A Warning to the Democratic Party About Black Voters

Cory Booker and Kamala Harris had the same grave message for their fellow candidates.

Brendan McDermid / Reuters

The Democratic Party knows it needs the energetic support of black voters to win the 2020 presidential election. Near the end of last night’s debate in Atlanta, the question that arose—indirectly but unmistakably—was whether it needs a black candidate to turn them out.

The candidate who has surged into the lead in recent polls of Iowa and New Hampshire, Mayor Pete Buttigieg of South Bend, Indiana, has registered virtually zero support among African American voters. The candidates he overtook, Senators Elizabeth Warren of Massachusetts and Bernie Sanders of Vermont, don’t have a whole lot more. And the candidate who does have the most support among black Democrats, former Vice President Joe Biden, has a decades-long record on criminal-justice policies and school busing that is out of step with the views of many black voters, especially young ones.

So it was left to the two black candidates onstage last night, Senators Cory Booker of New Jersey and Kamala Harris of California, to warn their fellow candidates—and voters watching at home—that they take black voters, and especially black women, for granted at their peril. The issue came up initially when Harris was asked about her criticism of Buttigieg’s campaign after it published a stock photo of two black people who were from Kenya, not the United States. Harris declined to re-litigate that mini controversy, instead using the moment to bring up the Democratic Party’s historic neglect of black women. “The larger issue,” she said, “is that for too long, I think candidates have taken for granted constituencies that have been the backbone of the Democratic Party. And have overlooked those constituencies. And they show up when it’s, you know, close to election time, and show up in a black church and want to get the vote but just haven’t been there before.”

“We’ve got to re-create the Obama coalition to win,” Harris continued, “and that means women, that’s people of color, that’s our LGBTQ community, that’s working people, that’s our labor unions. But that is how we are going to win this election, and I intend to win.”

Buttigieg noted that he leads a diverse city and that while he has never experienced discrimination based on the color of his skin, he’s had, as a gay man, “the experience of sometimes feeling like a stranger in my own country.” Harris did not back down, however, from her larger implied argument against Buttigieg—that Democrats need, as they had in Barack Obama, “a leader who had worked in many communities, knows those communities, and has the ability to bring people together.”

When Booker next got a chance to speak, he jumped back to that discussion, drawing laughs when he noted that he had been excluded the first time around. “I have a lifetime of experience with black voters. I’ve been one since I was 18,” he said. “Nobody on this stage should need a focus group to hear from African American voters.”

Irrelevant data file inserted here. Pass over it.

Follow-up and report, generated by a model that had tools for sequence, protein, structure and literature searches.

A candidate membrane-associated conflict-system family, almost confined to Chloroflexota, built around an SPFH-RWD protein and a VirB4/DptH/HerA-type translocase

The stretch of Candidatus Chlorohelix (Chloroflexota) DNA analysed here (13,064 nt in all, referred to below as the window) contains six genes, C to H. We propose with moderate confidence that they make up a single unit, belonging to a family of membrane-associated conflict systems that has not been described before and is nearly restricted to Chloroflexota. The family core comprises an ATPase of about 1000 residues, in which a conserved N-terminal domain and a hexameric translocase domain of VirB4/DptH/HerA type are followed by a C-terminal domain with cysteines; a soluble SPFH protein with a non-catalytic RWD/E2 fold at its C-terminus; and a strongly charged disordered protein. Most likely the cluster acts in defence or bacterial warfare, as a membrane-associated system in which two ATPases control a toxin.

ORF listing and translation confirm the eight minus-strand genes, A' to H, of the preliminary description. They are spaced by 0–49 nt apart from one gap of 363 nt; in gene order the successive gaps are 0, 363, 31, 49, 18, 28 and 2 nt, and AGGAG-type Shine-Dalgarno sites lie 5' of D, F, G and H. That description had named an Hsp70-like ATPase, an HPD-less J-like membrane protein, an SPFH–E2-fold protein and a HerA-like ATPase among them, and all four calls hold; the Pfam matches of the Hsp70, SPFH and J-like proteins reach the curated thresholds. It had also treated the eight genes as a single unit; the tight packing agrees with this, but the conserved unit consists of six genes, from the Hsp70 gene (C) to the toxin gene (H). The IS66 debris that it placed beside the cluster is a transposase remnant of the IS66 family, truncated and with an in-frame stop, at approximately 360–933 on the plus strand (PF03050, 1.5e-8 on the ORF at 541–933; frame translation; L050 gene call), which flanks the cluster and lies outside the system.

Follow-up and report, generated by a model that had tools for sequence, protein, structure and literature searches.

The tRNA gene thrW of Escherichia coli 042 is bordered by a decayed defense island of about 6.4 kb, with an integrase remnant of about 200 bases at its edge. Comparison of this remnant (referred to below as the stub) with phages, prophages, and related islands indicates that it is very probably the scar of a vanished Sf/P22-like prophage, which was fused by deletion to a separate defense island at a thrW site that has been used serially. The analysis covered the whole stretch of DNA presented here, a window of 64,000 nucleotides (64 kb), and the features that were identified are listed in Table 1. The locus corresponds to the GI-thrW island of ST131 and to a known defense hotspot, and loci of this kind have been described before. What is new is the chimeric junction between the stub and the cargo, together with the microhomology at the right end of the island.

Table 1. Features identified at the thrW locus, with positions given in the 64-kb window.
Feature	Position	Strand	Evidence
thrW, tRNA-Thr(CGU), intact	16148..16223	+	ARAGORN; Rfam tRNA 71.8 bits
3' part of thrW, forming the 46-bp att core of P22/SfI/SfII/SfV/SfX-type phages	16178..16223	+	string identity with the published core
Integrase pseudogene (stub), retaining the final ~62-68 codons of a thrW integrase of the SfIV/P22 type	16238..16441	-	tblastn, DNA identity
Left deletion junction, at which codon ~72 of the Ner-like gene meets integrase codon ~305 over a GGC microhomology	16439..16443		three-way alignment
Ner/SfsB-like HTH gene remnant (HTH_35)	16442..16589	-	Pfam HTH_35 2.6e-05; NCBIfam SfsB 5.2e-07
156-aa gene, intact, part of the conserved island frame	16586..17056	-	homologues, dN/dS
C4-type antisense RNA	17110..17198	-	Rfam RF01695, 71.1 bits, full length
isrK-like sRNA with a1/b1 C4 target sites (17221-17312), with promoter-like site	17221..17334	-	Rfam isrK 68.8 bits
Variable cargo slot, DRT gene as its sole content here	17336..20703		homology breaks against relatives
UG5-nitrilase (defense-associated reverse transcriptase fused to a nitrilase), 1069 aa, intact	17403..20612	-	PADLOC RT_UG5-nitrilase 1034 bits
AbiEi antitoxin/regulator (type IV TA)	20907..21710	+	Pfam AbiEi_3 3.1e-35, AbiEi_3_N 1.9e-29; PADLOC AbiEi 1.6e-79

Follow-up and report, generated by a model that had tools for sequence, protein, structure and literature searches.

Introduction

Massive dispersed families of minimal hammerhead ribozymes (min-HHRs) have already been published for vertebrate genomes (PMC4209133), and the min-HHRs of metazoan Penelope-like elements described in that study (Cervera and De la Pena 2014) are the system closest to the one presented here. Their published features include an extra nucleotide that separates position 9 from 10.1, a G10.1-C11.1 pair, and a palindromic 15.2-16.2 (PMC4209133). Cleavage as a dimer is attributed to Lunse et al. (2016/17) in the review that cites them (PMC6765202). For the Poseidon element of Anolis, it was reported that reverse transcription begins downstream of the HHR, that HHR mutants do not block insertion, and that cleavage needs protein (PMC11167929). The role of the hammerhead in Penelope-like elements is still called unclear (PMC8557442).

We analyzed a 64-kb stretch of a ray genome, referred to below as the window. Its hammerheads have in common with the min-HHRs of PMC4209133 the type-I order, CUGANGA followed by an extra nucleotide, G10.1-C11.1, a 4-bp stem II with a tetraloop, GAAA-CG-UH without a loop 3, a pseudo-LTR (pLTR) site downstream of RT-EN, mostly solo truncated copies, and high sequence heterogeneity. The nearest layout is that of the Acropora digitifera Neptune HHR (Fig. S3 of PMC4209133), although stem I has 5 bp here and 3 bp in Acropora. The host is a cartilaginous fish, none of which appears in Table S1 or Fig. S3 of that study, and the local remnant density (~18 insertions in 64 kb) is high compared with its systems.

“Black voters are pissed off, and they’re worried,” he continued. “They’re pissed off because the only time [their issues are paid attention] by politicians is when people are looking for their vote … We don’t want to see people miss this opportunity and lose because we are nominating someone that isn’t trusted, doesn’t have authentic connection. And so that’s what’s on the ballot.”

Booker then pivoted to an attack on Biden, who this week reiterated his opposition to legalizing marijuana and seemed to be summoning the drug wars of the 1980s and ’90s when he called it a “gateway drug.”

“I thought you might have been high when you said it,” Booker said, again to laughs. “Marijuana in our country is already legal for privileged people. The War on Drugs has been a war on black and brown people.”

Biden protested that he supports decriminalizing marijuana and would release those currently serving time in federal prisons on low-level charges. But then he stumbled, claiming that “I come out of the black community in terms of my support” and asserting that he has an endorsement from “the only African American woman that’d ever been elected to the United States Senate.”

“No ... the other one is here,” Harris interjected, as Biden tried to clarify that he meant the first black woman, Carol Moseley Braun of Illinois.

Harris and Booker couldn’t have made their point better if they had tried. Biden’s claim to black support—while backed up in polls at the moment—seemed to come out of an earlier era, when the “first black president” was not Barack Obama but Bill Clinton, and when white politicians relied on endorsements over authentic experience to prove their connection to the black community.

It was in Atlanta, 16 months ago, that the chairman of the Democratic National Committee, Tom Perez, issued something of a formal apology to black voters for the party taking them for granted over the years. A few months after that, Stacey Abrams fell just short in her bid to become the first black woman governor of an American state. Both Booker and Harris might fall short in their own candidacies for president, but they delivered a message last night that as they seek to energize black voters, Democrats still have more work to do.